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Prescreen: The Social Movie Finder That Wants To Shake Up Online Video

Did you know just 1 percent of the thousands of films at the Sundance Festival get distribution deals? That’s something Prescreen, a new social movie discovery and viewing platform, is trying to change with a quirky model.

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Every day just became your own personal film festival. Launching today, Prescreen is calling itself a “social movie discovery platform” that’s designed to “give filmmakers and distributors an alternative to traditional advertising and distribution channels.” That is, it’s a web interface wrapped in a social network to a curated catalog of films that may otherwise have had difficulty finding a distribution deal.

The system is easy: You sign up, supply a small amount of info about yourself and then you’re into the main lobby of what’s effectively a virtual cinema venue where a host of new films can be watched. You can watch trailers for each movie currently on offer, and then rent ones you like to stream on demand similarly to many other online movie streaming services (once you pay, there’s a time within which to watch the movie, 48 hours, in the window that the movie’s available on the site–60 days). There’s also a “featured” movie, which is the main highlight in a daily email–designed to tempt you to watch some of the better movies in the company’s stable.

So far it sounds familiar, but the clever part is the social interface: By buying movies and then sharing them with friends via social networks like Facebook and Twitter, users earn discounts and rewards. There’s also an element of gamification because by being an early viewer to a new movie (your viewer count is shown to you when you rent) you earn TrendSpot points, which reflect a count of the number of people you’d need to share info about the movie with in order for you to view another movie for free. The prices are high to start with, but then drop as the movie spends more time in Prescreen’s archive–similar to movie theaters charging more for new features, and less for an older Saturday matinee showing.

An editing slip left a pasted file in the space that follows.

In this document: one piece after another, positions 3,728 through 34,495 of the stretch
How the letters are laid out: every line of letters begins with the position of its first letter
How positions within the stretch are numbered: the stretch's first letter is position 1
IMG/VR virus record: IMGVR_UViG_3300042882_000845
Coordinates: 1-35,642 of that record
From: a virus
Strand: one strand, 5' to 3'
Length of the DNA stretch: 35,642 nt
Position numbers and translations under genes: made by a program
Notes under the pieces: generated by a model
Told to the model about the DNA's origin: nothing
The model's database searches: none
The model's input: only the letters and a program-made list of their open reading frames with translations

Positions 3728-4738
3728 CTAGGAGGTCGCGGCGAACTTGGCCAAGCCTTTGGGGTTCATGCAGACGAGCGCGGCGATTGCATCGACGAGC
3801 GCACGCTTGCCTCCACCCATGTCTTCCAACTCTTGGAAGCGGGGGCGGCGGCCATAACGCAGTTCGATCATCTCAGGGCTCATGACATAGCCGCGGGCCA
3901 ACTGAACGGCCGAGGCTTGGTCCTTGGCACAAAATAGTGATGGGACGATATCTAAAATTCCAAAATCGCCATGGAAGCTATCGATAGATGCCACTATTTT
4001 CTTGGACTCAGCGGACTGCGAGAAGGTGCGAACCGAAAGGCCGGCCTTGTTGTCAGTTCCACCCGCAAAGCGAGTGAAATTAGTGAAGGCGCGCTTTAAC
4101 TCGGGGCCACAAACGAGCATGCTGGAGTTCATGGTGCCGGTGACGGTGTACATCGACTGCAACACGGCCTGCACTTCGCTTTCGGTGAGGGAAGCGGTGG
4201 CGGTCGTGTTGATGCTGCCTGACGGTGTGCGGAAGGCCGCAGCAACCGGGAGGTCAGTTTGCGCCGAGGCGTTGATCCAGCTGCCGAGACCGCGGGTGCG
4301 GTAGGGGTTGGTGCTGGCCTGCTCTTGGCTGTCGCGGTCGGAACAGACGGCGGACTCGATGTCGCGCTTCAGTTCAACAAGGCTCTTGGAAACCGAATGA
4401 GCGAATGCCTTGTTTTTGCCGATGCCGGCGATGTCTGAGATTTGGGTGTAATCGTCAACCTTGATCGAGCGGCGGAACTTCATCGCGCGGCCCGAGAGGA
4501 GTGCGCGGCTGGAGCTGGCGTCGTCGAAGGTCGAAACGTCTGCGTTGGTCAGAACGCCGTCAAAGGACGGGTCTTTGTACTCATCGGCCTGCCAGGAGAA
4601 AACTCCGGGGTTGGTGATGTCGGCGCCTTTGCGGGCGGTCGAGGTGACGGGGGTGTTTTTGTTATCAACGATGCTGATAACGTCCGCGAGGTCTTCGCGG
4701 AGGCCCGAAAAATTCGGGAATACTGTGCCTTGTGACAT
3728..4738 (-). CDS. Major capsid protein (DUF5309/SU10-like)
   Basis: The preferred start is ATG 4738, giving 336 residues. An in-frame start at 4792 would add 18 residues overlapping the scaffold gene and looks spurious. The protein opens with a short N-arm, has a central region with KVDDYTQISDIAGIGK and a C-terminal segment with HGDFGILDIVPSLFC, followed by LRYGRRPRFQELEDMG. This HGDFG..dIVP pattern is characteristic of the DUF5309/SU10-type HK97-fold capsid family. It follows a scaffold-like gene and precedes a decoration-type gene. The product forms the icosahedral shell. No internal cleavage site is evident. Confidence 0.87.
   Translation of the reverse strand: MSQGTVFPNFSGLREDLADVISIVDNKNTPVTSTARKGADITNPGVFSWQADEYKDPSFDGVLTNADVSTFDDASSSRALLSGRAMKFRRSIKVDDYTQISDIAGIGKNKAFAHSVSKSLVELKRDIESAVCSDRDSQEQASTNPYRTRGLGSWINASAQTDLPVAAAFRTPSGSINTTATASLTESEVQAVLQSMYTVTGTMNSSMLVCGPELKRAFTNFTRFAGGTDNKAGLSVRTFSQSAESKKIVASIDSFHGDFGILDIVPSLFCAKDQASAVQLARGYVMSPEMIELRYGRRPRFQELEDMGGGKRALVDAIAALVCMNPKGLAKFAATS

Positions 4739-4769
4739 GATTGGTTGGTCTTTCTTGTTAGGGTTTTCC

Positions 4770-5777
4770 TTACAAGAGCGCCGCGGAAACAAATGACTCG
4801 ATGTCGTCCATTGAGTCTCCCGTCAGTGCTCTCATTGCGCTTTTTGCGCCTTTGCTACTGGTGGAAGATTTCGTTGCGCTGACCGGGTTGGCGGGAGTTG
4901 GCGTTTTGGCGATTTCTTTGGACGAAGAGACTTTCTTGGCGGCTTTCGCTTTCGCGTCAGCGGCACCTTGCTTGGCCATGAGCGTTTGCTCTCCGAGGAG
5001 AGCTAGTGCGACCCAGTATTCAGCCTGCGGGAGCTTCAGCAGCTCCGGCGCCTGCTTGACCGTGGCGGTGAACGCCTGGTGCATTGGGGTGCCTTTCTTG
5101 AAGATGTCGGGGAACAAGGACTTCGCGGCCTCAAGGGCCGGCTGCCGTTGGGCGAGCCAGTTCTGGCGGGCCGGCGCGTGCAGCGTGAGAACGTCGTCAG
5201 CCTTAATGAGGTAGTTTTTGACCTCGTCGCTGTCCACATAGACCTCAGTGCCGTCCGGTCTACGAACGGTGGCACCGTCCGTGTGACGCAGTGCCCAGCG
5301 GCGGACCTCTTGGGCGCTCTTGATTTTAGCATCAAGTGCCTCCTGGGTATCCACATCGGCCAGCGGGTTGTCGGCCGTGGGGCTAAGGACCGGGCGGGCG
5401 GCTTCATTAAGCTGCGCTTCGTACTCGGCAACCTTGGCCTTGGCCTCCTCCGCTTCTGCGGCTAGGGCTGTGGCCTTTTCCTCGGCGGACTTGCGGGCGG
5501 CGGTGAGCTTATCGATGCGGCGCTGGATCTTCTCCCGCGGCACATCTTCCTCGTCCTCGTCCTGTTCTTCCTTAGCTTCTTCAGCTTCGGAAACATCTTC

The attraction to cinema buffs is evident, and the attraction to content owners is more interesting: As well as getting a cut of the takings, each filmmaker gets a “Prescreen Performance Report” which summarizes deep and extensive statistics about the users who are buying the movie, how many of them, what social and economic categories they fall into and so on. It’s anonymized so no individual users info will ever be shared. This, Prescreen notes in its press release, forms an “intuitive marketing report” that “includes all of the relevant info from the purchasers” so that content owners can “use the detailed information to make informed decisions about continued distribution and marketing efforts”–with a precision in understanding the audience that wouldn’t be possible using traditional survey methods in regular theaters.

Founder CEO Shawn Bercuson spoke to Fast Company to explain where the idea came from: He has a background in venture capital, and was attending the Sundance festival a few years ago, but noted that all of the industry attendees like filmmakers, producers, and distributors he spoke with were “talking about the fall of DVD and the rise of VoD” (video on demand) and this prompted him to look at how the industry could be innovated. His first thought was to look at a system like Kickstarter.

But he was driven by his urge to be “disruptive” and was drawn to the distribution system, after noting that of the 4,000-odd movies submitted to Sundance that year only less than 1% were successful in securing a distribution to theaters. According to Bercuson there was “no one in distribution, it was such an antiquated industry and people were still doing the same stuff they were doing 20 years ago” despite the fact that “we have these new exciting tools and technology at our disposal. Nobody was using them.” Bercuson notes that while “Netflix and iTunes and Amazon are great, and they have a purpose–but there was nobody playing at the early stage of the game” and these new VoD systems were effectively acting as digital movie theaters, rather than working earlier in the movie-creation system.  

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Bercuson produced Prescreen to access this market, looking at the 4,000 movies from Sundance and all the other movies that are produced–“sometimes with big name stars”–that never get a launch because “distribution companies didn’t want to take a risk on them” or they did get a deal but there wasn’t enough money to promote them into good public sight. To this end, Prescreen also offers the opportunity for filmmakers to submit films directly to them for consideration in their service.

The idea was to “create signal out of noise” and thus take cues from companies like Woot and Groupon that promote many good offers and services in a way that makes them “easy to consume and really even easier to share.” That’s why Prescreen’s team “scours through the 10,000-plus movies produced each year” and curates them into its service, avoiding the trap of simply crowd-reviewing movies because it’s not as deep a form of social integration as service like Twitter.

Chat about this news with Kit Eaton on Twitter and Fast Company too.

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